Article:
Traditional Irish coffees need only four ingredients: hot coffee, whiskey, sugar, and whipped cream.
Start by adding the whiskey to the mug. Adding it first will help it to mix as you pour in the coffee.
If you want it less sweet, leave out the sugar. If you want it sweeter, try using maple syrup for a nice flavor boost.
I prefer whipped cream on my coffee, so I can drink the coffee through the cream.
I enjoy the hot and cold mix and just love that final gulp of boozy cream at the end.
But you can always use regular milk or cream if that’s easier for you.
Fun fact: if you order cafe con hielo (coffee with ice) in Spain, they will serve you cafe con leche (coffee with milk) and a small glass with ice.
Basically, cafe con leche is the coffee drink in Spain, so don’t expect to find a Starbucks on every corner.
This is more or less the Spanish version of the cafe au lait; only this usually has a touch more foam on top.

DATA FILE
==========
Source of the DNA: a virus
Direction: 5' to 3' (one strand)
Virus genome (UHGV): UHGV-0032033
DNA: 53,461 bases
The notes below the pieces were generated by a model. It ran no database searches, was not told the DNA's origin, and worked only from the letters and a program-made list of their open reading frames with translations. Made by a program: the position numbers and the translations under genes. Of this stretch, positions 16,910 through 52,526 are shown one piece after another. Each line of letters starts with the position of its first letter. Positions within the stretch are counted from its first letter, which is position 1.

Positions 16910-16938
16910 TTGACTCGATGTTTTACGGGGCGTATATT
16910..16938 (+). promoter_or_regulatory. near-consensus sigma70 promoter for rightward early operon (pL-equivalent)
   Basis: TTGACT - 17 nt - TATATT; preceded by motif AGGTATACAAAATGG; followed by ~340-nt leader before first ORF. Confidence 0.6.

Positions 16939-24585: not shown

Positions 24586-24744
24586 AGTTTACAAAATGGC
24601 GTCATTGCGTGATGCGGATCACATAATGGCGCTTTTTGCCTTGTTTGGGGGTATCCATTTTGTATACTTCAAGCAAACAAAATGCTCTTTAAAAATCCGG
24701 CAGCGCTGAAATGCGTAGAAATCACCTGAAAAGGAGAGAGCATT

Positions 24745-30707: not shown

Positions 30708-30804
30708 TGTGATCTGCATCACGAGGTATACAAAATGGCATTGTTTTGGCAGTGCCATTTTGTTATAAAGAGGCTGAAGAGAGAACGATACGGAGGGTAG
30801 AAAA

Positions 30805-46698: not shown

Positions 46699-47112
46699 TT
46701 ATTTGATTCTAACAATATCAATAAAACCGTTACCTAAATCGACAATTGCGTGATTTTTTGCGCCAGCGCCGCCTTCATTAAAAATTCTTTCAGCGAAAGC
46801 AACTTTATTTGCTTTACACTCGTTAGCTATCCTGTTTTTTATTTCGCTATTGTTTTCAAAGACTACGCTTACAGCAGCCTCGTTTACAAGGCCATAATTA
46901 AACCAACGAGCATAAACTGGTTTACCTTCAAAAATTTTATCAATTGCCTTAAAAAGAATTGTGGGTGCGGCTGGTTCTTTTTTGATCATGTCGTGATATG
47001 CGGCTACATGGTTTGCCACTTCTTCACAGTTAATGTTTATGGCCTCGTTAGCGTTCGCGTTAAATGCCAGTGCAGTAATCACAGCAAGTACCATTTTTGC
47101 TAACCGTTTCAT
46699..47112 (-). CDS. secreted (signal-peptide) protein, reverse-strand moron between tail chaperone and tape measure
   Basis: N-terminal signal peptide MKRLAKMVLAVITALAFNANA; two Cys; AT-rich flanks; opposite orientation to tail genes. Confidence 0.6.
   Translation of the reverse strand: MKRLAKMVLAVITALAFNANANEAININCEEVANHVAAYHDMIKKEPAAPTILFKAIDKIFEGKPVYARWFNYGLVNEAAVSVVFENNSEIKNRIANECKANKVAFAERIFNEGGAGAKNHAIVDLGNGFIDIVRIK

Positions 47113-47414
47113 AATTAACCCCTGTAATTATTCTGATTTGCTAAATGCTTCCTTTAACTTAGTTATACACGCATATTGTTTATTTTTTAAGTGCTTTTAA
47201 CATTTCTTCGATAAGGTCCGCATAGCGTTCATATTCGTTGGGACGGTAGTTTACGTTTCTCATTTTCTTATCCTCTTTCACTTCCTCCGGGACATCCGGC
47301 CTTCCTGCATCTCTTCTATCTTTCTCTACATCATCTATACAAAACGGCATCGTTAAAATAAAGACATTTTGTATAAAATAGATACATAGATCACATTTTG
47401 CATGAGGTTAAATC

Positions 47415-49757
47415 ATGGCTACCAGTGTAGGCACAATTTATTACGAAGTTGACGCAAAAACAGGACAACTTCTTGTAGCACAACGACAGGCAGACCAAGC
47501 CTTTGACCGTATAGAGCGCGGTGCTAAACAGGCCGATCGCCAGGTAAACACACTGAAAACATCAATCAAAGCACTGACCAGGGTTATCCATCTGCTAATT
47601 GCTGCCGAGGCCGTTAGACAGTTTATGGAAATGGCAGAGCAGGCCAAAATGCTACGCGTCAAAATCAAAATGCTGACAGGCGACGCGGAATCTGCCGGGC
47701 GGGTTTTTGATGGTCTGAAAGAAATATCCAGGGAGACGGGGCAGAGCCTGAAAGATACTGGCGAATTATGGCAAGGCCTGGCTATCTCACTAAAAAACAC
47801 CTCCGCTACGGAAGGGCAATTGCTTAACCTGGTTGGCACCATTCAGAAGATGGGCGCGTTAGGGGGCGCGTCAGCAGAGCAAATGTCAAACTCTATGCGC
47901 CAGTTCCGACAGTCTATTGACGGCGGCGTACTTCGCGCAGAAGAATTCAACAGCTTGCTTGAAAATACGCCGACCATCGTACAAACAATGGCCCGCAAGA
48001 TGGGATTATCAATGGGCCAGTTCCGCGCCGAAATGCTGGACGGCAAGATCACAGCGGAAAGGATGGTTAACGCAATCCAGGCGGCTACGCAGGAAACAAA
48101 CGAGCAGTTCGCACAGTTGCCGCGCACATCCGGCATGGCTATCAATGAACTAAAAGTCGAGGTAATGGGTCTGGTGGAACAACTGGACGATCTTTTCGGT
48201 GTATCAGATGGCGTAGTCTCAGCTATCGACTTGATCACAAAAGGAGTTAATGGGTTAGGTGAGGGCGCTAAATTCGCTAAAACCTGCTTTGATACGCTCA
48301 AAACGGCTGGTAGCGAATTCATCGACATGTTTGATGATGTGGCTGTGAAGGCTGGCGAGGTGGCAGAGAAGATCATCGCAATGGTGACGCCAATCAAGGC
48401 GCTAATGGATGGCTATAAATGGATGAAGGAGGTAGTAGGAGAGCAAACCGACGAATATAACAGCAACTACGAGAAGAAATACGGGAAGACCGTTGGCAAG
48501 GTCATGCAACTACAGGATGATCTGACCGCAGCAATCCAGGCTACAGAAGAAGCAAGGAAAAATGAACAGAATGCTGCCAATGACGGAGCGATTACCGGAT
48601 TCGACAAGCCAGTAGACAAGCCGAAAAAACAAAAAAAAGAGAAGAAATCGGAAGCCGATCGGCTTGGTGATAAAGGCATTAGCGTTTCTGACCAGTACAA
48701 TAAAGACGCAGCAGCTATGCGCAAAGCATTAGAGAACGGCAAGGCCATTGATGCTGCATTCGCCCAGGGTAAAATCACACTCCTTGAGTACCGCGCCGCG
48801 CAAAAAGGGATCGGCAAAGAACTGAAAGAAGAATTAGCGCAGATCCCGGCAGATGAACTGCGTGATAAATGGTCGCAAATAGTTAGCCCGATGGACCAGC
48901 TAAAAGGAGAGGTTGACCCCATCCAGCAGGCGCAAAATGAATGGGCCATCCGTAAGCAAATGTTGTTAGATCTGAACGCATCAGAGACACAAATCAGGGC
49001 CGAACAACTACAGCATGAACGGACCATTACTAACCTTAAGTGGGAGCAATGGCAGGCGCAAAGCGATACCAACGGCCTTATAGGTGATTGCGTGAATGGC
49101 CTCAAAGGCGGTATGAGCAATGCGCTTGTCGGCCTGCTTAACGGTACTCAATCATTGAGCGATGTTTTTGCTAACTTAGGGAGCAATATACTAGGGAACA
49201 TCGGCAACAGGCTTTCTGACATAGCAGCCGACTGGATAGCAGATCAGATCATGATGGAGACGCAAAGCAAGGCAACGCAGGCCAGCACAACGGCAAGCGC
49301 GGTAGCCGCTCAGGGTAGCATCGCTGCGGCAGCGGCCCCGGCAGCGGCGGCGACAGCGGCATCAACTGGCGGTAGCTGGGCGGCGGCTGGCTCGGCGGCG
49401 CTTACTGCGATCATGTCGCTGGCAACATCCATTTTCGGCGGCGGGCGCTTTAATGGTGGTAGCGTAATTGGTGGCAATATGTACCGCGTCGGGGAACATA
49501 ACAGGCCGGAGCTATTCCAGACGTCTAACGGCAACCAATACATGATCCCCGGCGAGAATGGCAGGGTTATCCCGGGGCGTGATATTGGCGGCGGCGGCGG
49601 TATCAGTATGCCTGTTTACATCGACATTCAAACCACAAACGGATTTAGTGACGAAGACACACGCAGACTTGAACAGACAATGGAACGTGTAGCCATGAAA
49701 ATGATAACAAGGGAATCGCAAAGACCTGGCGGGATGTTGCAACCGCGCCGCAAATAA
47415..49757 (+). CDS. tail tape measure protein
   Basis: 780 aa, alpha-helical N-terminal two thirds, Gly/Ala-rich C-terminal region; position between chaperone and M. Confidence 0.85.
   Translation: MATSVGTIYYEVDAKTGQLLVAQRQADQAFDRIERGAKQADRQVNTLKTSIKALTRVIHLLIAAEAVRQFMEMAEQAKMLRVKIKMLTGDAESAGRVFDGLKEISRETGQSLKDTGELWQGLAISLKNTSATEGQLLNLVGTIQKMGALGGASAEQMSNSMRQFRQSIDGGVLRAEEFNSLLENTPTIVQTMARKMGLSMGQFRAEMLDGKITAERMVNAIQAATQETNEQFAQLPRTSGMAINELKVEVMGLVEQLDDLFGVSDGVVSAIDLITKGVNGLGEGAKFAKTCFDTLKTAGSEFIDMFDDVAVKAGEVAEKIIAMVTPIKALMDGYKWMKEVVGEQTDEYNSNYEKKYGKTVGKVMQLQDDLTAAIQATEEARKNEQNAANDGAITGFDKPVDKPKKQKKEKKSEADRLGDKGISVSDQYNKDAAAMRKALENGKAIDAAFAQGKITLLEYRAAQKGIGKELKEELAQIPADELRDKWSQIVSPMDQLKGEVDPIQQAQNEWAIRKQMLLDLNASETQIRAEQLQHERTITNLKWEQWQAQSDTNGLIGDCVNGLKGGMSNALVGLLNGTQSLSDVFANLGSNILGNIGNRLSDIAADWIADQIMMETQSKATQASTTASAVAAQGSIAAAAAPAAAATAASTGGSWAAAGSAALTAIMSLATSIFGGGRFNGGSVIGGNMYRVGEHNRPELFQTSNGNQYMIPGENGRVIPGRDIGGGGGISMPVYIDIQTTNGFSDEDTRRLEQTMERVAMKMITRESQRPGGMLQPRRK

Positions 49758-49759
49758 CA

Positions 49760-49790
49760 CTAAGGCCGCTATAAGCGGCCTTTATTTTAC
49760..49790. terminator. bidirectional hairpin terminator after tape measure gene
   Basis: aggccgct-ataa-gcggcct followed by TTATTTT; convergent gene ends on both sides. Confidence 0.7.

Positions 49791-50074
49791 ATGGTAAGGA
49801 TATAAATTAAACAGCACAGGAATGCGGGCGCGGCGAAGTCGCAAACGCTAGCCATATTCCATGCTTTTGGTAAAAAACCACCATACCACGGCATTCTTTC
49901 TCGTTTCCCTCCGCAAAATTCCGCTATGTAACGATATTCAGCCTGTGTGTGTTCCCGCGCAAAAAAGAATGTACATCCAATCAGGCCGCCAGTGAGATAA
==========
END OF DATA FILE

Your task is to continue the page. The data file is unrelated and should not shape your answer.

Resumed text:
If you like warm spices, this drink is a must-try. It’s hot, intense, and loaded with everything from cinnamon to black pepper.
Though there is no set rule for what spices to include here, you’ll find it’s typically a variation of cinnamon, ginger, nutmeg, black peppercorns, cardamom, and clove.
Since this is a drink for a special occasion, it’s best made with a cafetière if you have one.
That will allow the freshly ground spices to blend with the coffee better.
Of course, you could add the spices into your filter with the coffee, too. It just won’t be as deeply flavored.
Another option is to use a teapot and let the coffee sit with the spices for at least 5 minutes.
After that, you’ll just need to have a filter handy when serving.
White chocolate mocha is an extra-rich and creamy, super sweet, and sinful drink that you just have to make the minute it gets cold.
You’ll start by heating up the milk and adding good-quality chocolate.
If you try to use something cheap, it probably won’t melt quite right or leave you with the same luscious flavor.
Pour this over freshly brewed coffee and serve with plenty of whipped cream.